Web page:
Equities And Reflation Driving Gold Prices Higher, Not A Great Hedge Right Now

Written by Dana Sanchez

Equities and reflation are driving gold prices higher — not a great hedge right now, says Credit Suisse strategist Mandy Xu. Gold bars are stacked in a vault at the U.S. Mint, West Point, N.Y., July 22, 2014. (AP Photo/Mike Groll, File)

Gold is moving higher because of rising inflation expectations and has become just another reflation trade very similar to equities, according to Mandy Xu, Credit Suisse chief equity derivatives strategist and a director in the global markets division in New York.

Xu discussed the shift in correlation between gold and equities during a video interview on “Bloomberg The Open.”

“Given the shift in correlation, gold may not be as reliable a hedge for your equity risk,” Xu said.

Reflation is a fiscal or monetary policy designed to expand output, stimulate spending, and curb the effects of deflation, which usually occurs after a period of economic uncertainty or a recession. The term may also be used to describe the first phase of economic recovery after a period of contraction.

Here’s the transcript of Xu’s answer to the question: What’s your take on things with regards to precious metals at the moment?

Mandy Xu: It’s pretty well understood by now that gold moves inversely to real yield. And it’s not a surprise that gold is making new record highs at the same time as real yield is making new record lows.

That begs the question, what’s driving real yields lower? To break it down, since June, the entire decline in real yields has come from rising inflation expectations, even as nominal yields haven’t really moved.

That divergence I would attribute to the fed and the effectiveness of the fed for guidance, driving the key rate to zero even if inflation overshoots. Against this backdrop, I think what’s interesting is gold is moving higher because of rising inflation expectations. It’s become just another reflation trade very similar to equities and you see it in the correlation between gold and equities.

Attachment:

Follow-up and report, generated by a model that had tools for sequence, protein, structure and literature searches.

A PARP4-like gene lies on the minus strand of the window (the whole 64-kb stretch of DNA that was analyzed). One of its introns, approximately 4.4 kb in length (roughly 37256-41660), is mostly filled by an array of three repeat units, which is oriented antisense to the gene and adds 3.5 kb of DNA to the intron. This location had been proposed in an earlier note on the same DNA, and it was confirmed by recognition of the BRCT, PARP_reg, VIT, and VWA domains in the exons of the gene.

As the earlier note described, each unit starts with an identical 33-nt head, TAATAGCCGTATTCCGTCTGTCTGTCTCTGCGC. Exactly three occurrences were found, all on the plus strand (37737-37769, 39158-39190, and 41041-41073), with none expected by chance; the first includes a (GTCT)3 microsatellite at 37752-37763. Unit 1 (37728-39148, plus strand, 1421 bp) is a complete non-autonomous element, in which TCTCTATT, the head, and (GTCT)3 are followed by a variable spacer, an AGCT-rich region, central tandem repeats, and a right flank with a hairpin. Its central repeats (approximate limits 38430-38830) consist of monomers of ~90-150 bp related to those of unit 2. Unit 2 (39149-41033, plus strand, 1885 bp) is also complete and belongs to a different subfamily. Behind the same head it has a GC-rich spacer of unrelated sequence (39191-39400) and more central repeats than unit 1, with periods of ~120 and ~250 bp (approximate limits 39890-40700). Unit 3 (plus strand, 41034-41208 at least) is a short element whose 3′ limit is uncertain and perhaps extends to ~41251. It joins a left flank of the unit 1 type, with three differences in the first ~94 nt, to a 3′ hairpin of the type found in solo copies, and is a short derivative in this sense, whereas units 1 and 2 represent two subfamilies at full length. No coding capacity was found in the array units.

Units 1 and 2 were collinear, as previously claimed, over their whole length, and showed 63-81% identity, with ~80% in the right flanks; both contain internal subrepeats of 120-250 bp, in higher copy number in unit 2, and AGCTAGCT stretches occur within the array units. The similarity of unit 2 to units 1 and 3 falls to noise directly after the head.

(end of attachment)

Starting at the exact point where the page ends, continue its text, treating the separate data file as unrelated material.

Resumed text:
This is something I want to point out because I think the traditionally gold is known as a safe haven defensive asset and that’s been true for many years, right? You look at the correlation between equities and gold, that’s been persistently negative in recent years.

However, in recent months that has turned positive so now gold is moving more in tandem with equities and shaping more like a risk assets, and it’s

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not unprecedented. The last time we saw persistent positive correlation between gold and equities was in the aftermath of the last crisis — not coincidentally, another time where the Fed cut rates to zero and we had massive amounts of stimulus coming into the system.

To me it’s really important to break down what is driving gold and right now, it’s reflation.

This is really important because as you’ve noticed, rate vol has totally collapsed because of this shift in the Fed’s reaction function and many people are thinking about pivoting away from treasuries to gold. As you’ve pointed out, if there’s a positive correlation between gold and equities, you’re not getting that inverse correlation if you go from treasuries to gold. What do you say to class about that issue right now?

Mandy Xu: In this environment with rate vol basically zero and the yields where they are, a lot of investors are looking for an alternative for a hedge for the multi-asset portfolio, because bonds are just not as effective of a hedge for their equity risk.

A lot of people have turned to gold because of this traditional negative correlation and that’s why I’m highlighting for them this shift in correlation regime. Gold may not be as reliable a hedge for your equity risk. The Fed should be more looking at equity-specific hedges rather than relying on the correlation regime that may or may not hold up.

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